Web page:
I've been thinking. And yes, I've been thinking a lot. Coupled with the thoughts are all sorts of feelings-many of which await sorting. Of course none of this is surprising. With our first child graduating from High School, both Carolyn and I find ourselves reflective and a bit tender. Last Sunday, at the Baccalaureate service Grace hosted, I felt all of that emotion and pride and wonder rise right to the surface. Blake offered a loving address to his classmates and I sat there amazed at the journey of faith that defines being a parent. And just this morning I had to make him stop, in his rush to get out the door, so I could take that one picture-"last day of school." Well, sort of the last day . . .
So yes, I can't stop thinking, wondering, feeling waves of stuff, and feeling like I'm riding a wave. Compounding this is the simple reality that after preaching this Sunday I will begin a 3 month sabbatical. I know that many have put time and leadership into thinking through the practical effect of this "sabbath time," and as I've said to many, I feel very grateful and humbled to be able to exercise this opportunity. I'm lucky that my job not only allows such things, but in fact encourages and even requires that I set aside time to think and feel and stretch myself-or let myself slip into another sort of time. I will do my best to live up to my own hopes for this time, and the hope that Grace sends me with. In our recent newsletter I detailed the outline of my plans, and we tried to answer various questions about these weeks ahead. With that done, and with this Pentecost Sunday approaching, I feel both inspired and anxious-and, well, thoughtful. I think of the way I tend to define myself by my relationships, and that this time away is meant to create some time alone-even some big blocks of time traveling mountains by myself. I think of building a deeper relationship with myself-with my self as the only witness to the relationship. I think about how deepening that primary relationship will indeed deepen every other relationship in my life-particularly my relationship with all of you.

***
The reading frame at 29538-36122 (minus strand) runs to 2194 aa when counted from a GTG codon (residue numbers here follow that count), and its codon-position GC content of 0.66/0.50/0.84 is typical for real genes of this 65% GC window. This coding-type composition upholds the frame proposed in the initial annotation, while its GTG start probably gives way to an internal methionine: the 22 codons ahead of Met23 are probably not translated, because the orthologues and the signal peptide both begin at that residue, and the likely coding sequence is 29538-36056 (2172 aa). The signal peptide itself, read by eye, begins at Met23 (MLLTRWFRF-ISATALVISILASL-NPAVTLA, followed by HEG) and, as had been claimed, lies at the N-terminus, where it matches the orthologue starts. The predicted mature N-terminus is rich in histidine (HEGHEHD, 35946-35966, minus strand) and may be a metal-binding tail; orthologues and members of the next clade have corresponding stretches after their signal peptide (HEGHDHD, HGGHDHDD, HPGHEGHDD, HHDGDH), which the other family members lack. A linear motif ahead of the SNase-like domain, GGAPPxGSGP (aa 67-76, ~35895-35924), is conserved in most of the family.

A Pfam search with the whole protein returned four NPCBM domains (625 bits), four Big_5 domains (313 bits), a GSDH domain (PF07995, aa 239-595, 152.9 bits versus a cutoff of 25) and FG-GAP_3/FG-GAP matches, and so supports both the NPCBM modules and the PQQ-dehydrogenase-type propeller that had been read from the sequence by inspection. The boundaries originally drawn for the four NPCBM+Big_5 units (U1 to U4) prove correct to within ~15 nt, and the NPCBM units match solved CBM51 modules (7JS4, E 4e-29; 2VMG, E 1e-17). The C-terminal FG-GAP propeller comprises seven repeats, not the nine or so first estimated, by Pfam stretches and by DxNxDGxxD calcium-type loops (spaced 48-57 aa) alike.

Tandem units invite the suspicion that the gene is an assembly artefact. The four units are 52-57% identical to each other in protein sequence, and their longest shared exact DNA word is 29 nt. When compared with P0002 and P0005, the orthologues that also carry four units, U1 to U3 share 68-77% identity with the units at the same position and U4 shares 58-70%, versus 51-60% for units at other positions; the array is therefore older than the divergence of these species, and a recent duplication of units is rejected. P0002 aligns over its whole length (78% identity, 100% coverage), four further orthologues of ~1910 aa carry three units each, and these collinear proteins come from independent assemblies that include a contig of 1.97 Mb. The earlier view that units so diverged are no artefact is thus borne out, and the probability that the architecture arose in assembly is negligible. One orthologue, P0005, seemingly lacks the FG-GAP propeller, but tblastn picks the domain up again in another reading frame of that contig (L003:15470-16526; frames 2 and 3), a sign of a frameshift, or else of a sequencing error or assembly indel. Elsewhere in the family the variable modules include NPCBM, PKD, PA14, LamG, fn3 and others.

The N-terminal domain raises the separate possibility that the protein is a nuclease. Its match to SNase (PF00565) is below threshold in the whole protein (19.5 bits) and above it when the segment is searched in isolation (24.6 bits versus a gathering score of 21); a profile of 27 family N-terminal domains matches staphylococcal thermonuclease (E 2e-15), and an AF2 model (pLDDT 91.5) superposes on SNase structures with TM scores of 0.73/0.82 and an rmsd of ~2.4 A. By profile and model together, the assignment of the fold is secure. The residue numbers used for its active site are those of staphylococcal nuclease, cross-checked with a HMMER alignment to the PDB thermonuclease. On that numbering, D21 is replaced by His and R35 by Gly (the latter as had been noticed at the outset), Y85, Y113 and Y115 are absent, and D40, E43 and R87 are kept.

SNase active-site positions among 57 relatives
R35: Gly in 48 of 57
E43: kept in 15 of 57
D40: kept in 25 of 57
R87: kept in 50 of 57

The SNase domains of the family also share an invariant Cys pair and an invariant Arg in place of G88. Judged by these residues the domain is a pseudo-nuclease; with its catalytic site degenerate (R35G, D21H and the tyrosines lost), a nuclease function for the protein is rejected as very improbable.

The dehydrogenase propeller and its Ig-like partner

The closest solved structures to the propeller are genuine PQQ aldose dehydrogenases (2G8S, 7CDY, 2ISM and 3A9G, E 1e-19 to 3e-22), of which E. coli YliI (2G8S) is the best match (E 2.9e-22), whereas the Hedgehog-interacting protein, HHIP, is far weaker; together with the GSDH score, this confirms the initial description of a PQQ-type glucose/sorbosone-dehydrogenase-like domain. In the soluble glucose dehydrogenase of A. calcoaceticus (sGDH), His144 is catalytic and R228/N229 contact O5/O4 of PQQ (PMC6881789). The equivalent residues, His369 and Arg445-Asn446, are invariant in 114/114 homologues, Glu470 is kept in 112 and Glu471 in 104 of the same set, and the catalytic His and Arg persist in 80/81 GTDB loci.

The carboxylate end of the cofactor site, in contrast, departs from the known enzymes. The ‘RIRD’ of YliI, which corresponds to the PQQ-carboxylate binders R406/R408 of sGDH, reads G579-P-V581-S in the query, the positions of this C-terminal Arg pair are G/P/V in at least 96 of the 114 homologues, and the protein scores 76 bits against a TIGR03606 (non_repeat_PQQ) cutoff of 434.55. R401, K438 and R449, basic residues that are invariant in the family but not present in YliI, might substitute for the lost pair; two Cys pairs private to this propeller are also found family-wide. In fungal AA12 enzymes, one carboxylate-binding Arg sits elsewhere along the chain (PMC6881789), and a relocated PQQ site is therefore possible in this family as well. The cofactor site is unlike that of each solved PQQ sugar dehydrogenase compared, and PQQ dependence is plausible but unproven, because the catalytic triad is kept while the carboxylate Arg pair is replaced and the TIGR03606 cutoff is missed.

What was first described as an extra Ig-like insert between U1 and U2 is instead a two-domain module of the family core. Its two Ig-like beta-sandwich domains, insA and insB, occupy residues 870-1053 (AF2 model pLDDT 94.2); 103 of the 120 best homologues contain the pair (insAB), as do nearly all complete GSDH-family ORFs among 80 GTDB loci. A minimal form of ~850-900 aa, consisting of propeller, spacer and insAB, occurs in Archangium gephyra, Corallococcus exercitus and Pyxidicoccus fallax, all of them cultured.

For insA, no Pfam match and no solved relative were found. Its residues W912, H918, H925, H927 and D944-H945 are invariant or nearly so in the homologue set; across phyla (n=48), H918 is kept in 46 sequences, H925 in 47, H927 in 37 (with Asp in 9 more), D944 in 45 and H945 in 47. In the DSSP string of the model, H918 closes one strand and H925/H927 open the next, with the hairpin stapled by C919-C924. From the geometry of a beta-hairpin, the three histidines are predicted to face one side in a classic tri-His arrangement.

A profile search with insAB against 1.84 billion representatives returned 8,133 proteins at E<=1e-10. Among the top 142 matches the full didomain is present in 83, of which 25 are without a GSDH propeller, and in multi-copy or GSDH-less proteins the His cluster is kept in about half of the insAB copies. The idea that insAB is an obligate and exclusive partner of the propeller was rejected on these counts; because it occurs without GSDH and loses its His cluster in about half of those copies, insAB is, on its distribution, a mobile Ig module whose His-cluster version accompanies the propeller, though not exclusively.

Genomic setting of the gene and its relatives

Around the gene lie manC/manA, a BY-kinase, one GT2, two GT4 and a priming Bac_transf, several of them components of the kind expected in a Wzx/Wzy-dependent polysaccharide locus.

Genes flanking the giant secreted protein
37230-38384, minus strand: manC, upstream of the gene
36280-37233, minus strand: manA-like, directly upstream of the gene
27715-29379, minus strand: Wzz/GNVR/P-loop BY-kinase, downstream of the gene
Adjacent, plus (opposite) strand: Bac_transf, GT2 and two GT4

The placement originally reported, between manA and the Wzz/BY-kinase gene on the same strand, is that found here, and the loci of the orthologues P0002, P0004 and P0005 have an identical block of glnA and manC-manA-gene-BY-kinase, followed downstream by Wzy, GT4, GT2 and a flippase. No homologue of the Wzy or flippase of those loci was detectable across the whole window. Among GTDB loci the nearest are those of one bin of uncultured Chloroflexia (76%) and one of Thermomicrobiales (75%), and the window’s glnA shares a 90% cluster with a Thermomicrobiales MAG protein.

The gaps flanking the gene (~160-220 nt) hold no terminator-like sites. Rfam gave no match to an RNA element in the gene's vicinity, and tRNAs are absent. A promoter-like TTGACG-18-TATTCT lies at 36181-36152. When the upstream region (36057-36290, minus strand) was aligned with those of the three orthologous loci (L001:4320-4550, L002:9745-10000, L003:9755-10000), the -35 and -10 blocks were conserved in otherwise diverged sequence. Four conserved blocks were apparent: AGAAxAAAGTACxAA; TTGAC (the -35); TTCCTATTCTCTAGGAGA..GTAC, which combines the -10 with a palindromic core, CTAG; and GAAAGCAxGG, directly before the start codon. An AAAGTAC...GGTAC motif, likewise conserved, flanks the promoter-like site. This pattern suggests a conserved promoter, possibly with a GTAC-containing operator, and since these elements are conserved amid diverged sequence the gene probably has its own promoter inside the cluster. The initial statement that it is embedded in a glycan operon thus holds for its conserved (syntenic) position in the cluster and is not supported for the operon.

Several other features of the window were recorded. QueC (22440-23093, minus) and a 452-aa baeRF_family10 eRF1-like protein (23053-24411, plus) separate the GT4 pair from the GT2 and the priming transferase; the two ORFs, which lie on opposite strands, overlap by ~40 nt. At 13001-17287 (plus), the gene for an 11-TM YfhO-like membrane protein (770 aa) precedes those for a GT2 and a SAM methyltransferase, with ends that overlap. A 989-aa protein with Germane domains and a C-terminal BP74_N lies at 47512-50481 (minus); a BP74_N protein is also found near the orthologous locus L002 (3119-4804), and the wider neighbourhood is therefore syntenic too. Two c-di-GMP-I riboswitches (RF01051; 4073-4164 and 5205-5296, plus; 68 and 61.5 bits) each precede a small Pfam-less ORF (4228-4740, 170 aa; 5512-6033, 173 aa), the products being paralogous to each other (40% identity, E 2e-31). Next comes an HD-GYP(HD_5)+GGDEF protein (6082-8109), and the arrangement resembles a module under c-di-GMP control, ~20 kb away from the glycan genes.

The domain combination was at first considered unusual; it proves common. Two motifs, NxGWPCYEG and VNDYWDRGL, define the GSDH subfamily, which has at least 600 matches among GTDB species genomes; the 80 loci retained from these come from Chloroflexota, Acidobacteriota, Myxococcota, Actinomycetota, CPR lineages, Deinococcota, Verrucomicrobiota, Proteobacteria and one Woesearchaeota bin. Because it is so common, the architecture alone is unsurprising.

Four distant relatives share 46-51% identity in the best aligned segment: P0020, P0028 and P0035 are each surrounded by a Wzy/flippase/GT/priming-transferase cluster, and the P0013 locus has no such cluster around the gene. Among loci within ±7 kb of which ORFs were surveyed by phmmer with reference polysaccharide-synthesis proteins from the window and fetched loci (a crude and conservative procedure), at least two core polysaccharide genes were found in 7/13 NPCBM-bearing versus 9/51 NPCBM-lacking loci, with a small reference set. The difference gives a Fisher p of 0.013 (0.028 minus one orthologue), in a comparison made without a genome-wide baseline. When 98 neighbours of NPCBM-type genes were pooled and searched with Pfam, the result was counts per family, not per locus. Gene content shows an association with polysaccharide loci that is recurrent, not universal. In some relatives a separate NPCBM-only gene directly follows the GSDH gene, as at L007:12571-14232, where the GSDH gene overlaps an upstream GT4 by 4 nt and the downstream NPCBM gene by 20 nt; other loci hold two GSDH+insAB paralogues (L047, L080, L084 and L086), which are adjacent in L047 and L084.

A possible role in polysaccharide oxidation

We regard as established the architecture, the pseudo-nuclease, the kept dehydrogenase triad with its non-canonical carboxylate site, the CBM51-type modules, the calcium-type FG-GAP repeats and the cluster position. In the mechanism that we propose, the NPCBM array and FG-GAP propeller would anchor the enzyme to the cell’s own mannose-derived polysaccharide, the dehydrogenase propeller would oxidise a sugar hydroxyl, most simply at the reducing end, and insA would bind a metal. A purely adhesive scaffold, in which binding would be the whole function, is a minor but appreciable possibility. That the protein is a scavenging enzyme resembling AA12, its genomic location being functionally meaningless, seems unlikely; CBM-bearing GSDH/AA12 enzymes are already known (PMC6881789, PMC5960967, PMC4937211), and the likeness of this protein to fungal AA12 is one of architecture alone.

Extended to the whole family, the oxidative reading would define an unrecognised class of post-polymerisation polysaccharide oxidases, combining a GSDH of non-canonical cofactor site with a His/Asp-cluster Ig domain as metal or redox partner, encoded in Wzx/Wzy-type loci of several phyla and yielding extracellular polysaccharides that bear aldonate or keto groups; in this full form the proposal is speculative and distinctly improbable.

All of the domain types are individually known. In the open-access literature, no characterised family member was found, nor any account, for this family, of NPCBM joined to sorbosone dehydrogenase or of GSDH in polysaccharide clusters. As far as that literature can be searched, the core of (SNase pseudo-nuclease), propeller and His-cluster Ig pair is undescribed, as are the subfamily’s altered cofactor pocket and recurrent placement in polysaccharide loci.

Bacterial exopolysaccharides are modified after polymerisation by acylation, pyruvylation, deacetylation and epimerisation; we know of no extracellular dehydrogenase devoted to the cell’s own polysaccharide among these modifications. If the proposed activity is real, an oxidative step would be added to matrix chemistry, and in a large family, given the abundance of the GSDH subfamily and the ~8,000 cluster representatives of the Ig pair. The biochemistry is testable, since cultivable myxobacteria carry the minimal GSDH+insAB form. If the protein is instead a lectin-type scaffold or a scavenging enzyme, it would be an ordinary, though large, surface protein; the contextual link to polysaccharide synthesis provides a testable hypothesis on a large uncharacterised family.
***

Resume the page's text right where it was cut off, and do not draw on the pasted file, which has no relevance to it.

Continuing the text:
Yep. I've been thinking . . .
As I travel I will be carrying two books with me. One is Barbara Brown Taylor's An Altar in the World. I've just begun to read it, as I straddle my life with one foot out the door. Here is how she introduces the book-or invites me in:
"Whoever you are, you are human. Wherever you are, you live in the world, which is just waiting for you to notice the holiness in it. So welcome to your own priesthood, practiced at the altar of your own life. The good news is that you have everything you need to begin."
That is good news, even as just tentatively begin to trust it. My other wordy companion will be some of Wendell Berry's collected poems. Given contains his extended "Sabbath Day" poems. They could be just right for this journey, and this one in particular seems to be embedded in me:
I dream of a quiet man
who explains nothing and defends
nothing, but only knows
where the rarest wildflowers
are blooming, and who goes,
and finds that he is smiling
not by his own will.
And so I do go, smiling some. With a tear, and so many thoughts. I'll miss these weekly connections, and the daily of Grace. I'll keep a journal of what I continue to think and feel, and I look forward to sharing what I can.